There are evenings when I get back from office and am in no mood to cook anything and I blankly stare at the pantry shelves and the refrigerator trying to look for inspiration. Most days its a pasta tossed with a lots of veggies. I am really conscious about the quantity of vegetables I use on a daily basis. Since I cook only one dish per meal unlike my mom, I try and add as many as possible. I've noticed that there always has to be a red and green component; carrots, tomatoes, roasted red-peppers, sun-dried tomatoes help with the red, while peas, lima beans, edamame, capsicum, zuchini, green leafy vegetables take care of the green. Corn, chickpeas/canned beans, cauliflower and cabbage then join the party to form the final dish. I always have one from each group in my kitchen, and am trying to spread out a little since this assortment is getting a little boring now!

One such evening I did not want to eat any pasta or rice and decided on a soup. I had a couple of yellow and orange carrots and tomatoes in the fridge and a lone can of vegetable juice and capers in the pantry, so I set out making this delicious and hearty soup that tasted great even the next day with some chunky bread. My friend had bought a bunch of the vegetable juice cans and left before this lone guys turn came up, I just cannot bring myself to drink a can of vegetable juice! and hence its role in the soup.

Vegetable soup
  • 1 cup - diced Carrots
  • 1 cup - chopped tomatoes (~2-3 vine ripe tomatoes)
  • 1/2 cup - Edamame
  • 1 nos - medium Onion, diced
  • 1 nos - large clove of Garlic, coarsely chopped
  • 1 Tbsp - Capers
  • 1 5.5oz can - Vegetable juice
  • 1/2 Tbsp -Olive oil
  • 1 tsp - roasted Cumin powder
  • 1/2 tsp - Cayenne powder/red chilli flakes
  • Salt and pepper to taste
  • 1/3 cup - small pasta (optional) eg: orzo, elbow macaroni, orecchiette, pin wheels
  • 1/3 cup - Lentils (optional) eg: yellow/green lentils, chickpeas, kidney beans (from Rads comment)
  1. Heat oil in a saucepan on medium setting, add the garlic and let it soften for a minute, don't allow it to brown though. Next add the onions, some salt and let them cook, about 2-3mins.
  2. Add chopped tomatoes, cover and cook until they soften up. 
  3. Now add the vegetable juice, carrots, edamame (I added frozen ones and let them thaw directly in the soup), cumin powder and cayenne pepper. Check for seasonings and simmer until the carrots cook through. Add water only if its too thick as there is no thickening agent in this recipe.If using pasta, you can add them at this stage along with a little additional water.
  4. Toss in the capers a few minutes before switching off the heat.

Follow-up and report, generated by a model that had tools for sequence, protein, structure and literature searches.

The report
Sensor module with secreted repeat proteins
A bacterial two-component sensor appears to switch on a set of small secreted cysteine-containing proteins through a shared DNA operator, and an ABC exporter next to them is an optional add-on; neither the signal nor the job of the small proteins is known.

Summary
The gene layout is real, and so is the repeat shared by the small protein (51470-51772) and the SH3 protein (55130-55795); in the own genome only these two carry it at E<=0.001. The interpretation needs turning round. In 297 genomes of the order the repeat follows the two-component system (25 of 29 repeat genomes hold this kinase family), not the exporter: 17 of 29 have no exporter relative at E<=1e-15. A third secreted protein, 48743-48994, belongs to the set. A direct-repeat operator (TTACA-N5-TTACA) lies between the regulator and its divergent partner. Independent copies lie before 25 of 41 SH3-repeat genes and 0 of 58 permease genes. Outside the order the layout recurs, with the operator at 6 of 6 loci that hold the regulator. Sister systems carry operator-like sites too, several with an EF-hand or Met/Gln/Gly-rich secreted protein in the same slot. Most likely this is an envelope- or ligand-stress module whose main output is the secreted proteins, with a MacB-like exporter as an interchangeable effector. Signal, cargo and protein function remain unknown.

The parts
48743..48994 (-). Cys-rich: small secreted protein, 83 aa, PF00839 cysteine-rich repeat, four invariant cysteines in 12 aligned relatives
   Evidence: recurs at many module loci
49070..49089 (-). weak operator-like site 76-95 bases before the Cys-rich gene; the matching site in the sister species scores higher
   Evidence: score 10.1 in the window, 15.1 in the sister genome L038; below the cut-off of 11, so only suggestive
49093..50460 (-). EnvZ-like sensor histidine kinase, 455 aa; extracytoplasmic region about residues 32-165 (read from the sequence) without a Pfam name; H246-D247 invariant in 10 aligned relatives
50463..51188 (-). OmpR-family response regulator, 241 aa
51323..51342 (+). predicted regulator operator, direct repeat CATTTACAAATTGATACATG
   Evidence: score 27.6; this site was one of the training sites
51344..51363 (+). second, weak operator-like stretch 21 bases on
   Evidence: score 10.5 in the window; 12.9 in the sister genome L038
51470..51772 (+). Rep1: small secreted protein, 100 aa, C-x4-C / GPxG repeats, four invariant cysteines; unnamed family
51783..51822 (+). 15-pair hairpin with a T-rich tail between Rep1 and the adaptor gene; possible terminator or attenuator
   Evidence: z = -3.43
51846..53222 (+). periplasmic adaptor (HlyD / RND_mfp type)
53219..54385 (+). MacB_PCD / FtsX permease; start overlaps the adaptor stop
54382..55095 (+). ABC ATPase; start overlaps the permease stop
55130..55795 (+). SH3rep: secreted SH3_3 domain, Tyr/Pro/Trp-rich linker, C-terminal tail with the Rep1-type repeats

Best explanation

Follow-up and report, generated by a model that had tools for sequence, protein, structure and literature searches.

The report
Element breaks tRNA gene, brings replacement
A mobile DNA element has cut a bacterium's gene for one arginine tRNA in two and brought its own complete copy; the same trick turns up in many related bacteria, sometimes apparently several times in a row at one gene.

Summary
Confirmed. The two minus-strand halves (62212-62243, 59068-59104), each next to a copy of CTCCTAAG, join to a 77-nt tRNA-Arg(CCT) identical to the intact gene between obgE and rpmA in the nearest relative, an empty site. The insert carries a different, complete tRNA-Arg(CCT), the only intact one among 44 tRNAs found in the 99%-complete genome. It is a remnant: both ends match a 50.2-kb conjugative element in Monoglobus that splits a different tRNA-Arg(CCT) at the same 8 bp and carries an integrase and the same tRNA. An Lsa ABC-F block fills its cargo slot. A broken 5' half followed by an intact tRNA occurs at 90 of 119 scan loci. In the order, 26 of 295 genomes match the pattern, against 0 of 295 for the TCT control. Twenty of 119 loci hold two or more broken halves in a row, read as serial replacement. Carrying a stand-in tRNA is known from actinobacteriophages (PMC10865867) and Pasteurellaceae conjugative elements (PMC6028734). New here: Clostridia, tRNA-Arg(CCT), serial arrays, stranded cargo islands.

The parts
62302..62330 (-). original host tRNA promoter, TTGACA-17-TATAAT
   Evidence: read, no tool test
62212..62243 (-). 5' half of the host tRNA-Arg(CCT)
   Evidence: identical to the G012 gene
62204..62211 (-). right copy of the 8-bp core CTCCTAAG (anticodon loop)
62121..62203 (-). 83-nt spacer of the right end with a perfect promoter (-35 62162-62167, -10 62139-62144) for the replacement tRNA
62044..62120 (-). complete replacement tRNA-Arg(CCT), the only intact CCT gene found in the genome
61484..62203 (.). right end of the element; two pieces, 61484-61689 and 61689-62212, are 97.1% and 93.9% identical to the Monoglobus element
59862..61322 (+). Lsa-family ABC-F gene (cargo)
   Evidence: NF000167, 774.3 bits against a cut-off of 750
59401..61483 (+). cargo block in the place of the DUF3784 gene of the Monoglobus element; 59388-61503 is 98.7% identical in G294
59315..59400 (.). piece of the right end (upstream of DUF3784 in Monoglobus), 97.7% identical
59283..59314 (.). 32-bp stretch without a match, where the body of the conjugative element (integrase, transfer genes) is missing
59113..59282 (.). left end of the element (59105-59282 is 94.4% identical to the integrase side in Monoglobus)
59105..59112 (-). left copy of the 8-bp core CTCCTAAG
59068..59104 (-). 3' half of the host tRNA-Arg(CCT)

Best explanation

5. Serve warm with crusty bread or a light salad.
This soup was surprisingly warm and delicious. There is a slight heat from the cumin powder, capers and the celery in the vegetable juice which is very comforting and yet not 'spicy'. The soup is a little chunky and the edamame holds a little bite even after being cooked. I did not add pasta to it the first time I made it, but a bowl of soup was filling enough for dinner. The excuse for using up that can of juice turned out to be such a delicious one, I am definitely holding onto this idea. You can go ahead and add any combo of veggies you have at home, this recipe is perfect for the day you decide to clean up that crisper full of odd numbered veggies.

Enjoy your day!

Wednesday, September 03, 2008

Vinayaka Chavithi Shubhakankshalu

Dear foodies,
Happy Vinayaka Chavithi to all! 

These are the rava ladoo's my mother made when she was here, infact she made them more than a couple of times for my brother since it's his fav sweet. Yes, I enjoyed them too, but he owns the sweet tooth :D 
The recipe is similar to the one I posted here. Adjust the sugar according to your taste, start with a 1: 1/2 ratio of rava and sugar and then increase the amount of sugar from there. If you are familiar with the sweetness of the sugar you use, then this should be an easy guess without the need for tasting. Another variation of this recipe would be to replace a portion of the rava with roasted urad dal flour or roasted moong dal flour. Just as I have been telling in all my Indian sweet recipes, don't skimp on the ghee! 
Traditionally, Kozhakattai or modak are made on this day along with savory rice dumplings called undrallu. Its basically a upma made from rice rava, which is moulded into oval/round balls and steam cooked like idlies. Its served with puli-inji, a tamarind-ginger based gojju. I thought I had posted a recipe for it and dug out my archives only to realize they weren't there, so it'll be coming soon.Enjoy the festival in whatever measure you plan to celebrate and spread that smile on your face to everyone around you :)
I found this photo in my archives today, could be from a couple of years back. This is at my home in Hyd.

and here is one from this year's Varalakshmi Vratam